“For me, it’s a challenge going against a team like this and an opposing pitcher like that. I look forward to it,” Halladay said. “It was a special game for us.”
The Blue Jays won their fourth straight following a five-game skid and sent New York (9-14) to its third consecutive loss.
The Yankees have managed just two runs since Tuesday and are five games under .500 for only the second time in manager Joe Torre’s tenure—they were 5-10 after losing to Milwaukee on April 17, 1997.
“Halladay was outstanding. I don’t care how we’ve been swinging the bats. He was better than us today,” Derek Jeter said. “He’s nasty, that’s just the bottom line. He’s as good as they come.”
With six Cy Young Awards between them, five for Johnson, the marquee matchup lived up to its billing.
Using a sharp curveball, Halladay (4-1) walked one in his seventh career shutout and 17th complete game, second this season.
Johnson (2-2) allowed seven hits in his 93rd complete game, first this year. He struck out nine and walked three in a game that lasted just 2 hours, 8 minutes.
“That was a classic pitching duel,” Torre said. “We’re not hitting, but you can’t diminish what that kid did tonight. He was dynamite. He was in complete control of the game.”
Gregg Zaun drew a one-out walk from Johnson in the seventh inning, and Hinske—the lone left-handed hitter in Toronto’s lineup—pulled an 0-2 pitch over the right-field fence for the only runs of the game.
“Obviously, that one mistake cost us the ballgame,” Johnson said. “When I go out there I want to be perfect.”
Hinske pumped his arm and did a little leap as he rounded first, well aware that two runs would probably be enough to win the way Halladay was pitching.
“I knew when that went out of the park, that was a big hit,” Hinske said.
Coming into the game, lefties were just 4-for-24 (.167) against Johnson with zero home runs.
“He left it a bit over the plate and I kind of ran into it, got it up in the air a little bit,” Hinske said. “Randy Johnson, left on left, something I can tell my grandkids about.”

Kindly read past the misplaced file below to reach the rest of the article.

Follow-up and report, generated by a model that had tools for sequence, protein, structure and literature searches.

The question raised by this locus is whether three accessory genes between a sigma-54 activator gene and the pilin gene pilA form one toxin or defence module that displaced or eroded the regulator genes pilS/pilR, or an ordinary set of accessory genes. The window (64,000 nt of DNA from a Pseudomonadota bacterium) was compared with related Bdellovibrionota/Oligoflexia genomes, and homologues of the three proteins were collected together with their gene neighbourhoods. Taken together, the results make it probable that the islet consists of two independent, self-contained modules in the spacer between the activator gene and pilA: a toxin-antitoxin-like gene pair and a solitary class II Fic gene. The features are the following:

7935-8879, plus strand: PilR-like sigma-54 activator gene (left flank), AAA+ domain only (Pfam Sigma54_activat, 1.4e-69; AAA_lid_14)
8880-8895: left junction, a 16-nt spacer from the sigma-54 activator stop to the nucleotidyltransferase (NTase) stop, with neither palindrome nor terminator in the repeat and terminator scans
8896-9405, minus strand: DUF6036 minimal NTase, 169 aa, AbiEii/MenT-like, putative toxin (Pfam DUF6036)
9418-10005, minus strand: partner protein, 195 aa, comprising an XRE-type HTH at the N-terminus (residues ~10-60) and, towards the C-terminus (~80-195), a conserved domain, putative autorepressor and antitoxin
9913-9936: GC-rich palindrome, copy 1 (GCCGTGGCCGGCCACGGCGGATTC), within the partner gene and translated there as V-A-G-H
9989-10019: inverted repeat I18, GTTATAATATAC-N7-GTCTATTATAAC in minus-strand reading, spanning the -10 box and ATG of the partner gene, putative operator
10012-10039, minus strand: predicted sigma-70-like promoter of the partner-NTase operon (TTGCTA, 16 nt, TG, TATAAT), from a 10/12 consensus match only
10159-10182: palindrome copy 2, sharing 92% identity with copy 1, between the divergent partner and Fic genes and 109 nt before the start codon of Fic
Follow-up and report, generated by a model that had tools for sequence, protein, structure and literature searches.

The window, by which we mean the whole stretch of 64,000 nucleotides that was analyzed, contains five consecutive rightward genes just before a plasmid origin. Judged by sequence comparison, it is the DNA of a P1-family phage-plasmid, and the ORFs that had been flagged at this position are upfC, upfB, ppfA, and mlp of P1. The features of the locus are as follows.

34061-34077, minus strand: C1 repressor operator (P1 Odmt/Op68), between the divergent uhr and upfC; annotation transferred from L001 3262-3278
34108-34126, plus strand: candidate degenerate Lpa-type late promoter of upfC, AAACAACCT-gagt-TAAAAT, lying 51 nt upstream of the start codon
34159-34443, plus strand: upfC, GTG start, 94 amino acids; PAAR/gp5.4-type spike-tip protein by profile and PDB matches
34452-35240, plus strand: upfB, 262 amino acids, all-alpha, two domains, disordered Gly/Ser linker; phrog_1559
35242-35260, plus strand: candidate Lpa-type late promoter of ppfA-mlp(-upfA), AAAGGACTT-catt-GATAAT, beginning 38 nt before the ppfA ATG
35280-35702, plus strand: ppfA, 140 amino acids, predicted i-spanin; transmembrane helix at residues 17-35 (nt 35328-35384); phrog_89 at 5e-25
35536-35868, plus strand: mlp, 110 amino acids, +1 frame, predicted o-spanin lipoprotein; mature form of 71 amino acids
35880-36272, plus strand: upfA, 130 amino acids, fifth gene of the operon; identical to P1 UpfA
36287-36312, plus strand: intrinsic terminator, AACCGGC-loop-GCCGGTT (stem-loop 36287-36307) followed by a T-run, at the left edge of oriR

Halladay retired 10 in a row before Jorge Posada’s two-out double in the seventh, but Tino Martinez grounded out to end the inning. The 2003 AL Cy Young Award winner then set down his last six batters to end it.
“Usually, there’s a drop-off after the sixth or seventh, but he seemed to get stronger,” New York slugger Alex Rodriguez said. “He had the kind of stuff that even if the lineup is rolling, he can shut you down. And that’s what a great pitcher does.”
Both starters were helped by dazzling defense.
Hudson turned in a pair of nice plays himself at second base, and shortstop John McDonald made a leaping grab of Williams’ liner in the fifth.
Johnson pumped his fist after escaping a first-and-third jam in the fifth, when Frank Menechino bounced into an inning-ending double play. And the Big Unit reached behind his back to snare Shea Hillenbrand’s one-hopper in the sixth, bringing a roar from the crowd of 40,839.
But the Yankees set a season low for hits and fell to 0-10 when scoring three runs or fewer.
“They know how to hit, it’s just a matter of when it’s going to happen,” Torre said. “There’s nothing that you’d want to change except the results.”
It was Halladay’s first shutout since April 15, 2004, in Detroit. … The Yankees are 6-9 at home, including 2-5 on this nine-game homestand. … Halladay improved to 8-4 lifetime against the Yankees. … Johnson dropped to 13-5 against Toronto. It was his first complete game since Aug. 25, 2004, with Arizona in Pittsburgh. … Posada’s double snapped an 0-for-14 slump. … Yankees closer Mariano Rivera missed the game because of a stomach virus. … The Blue Jays (13-11) matched their longest winning streak of the season.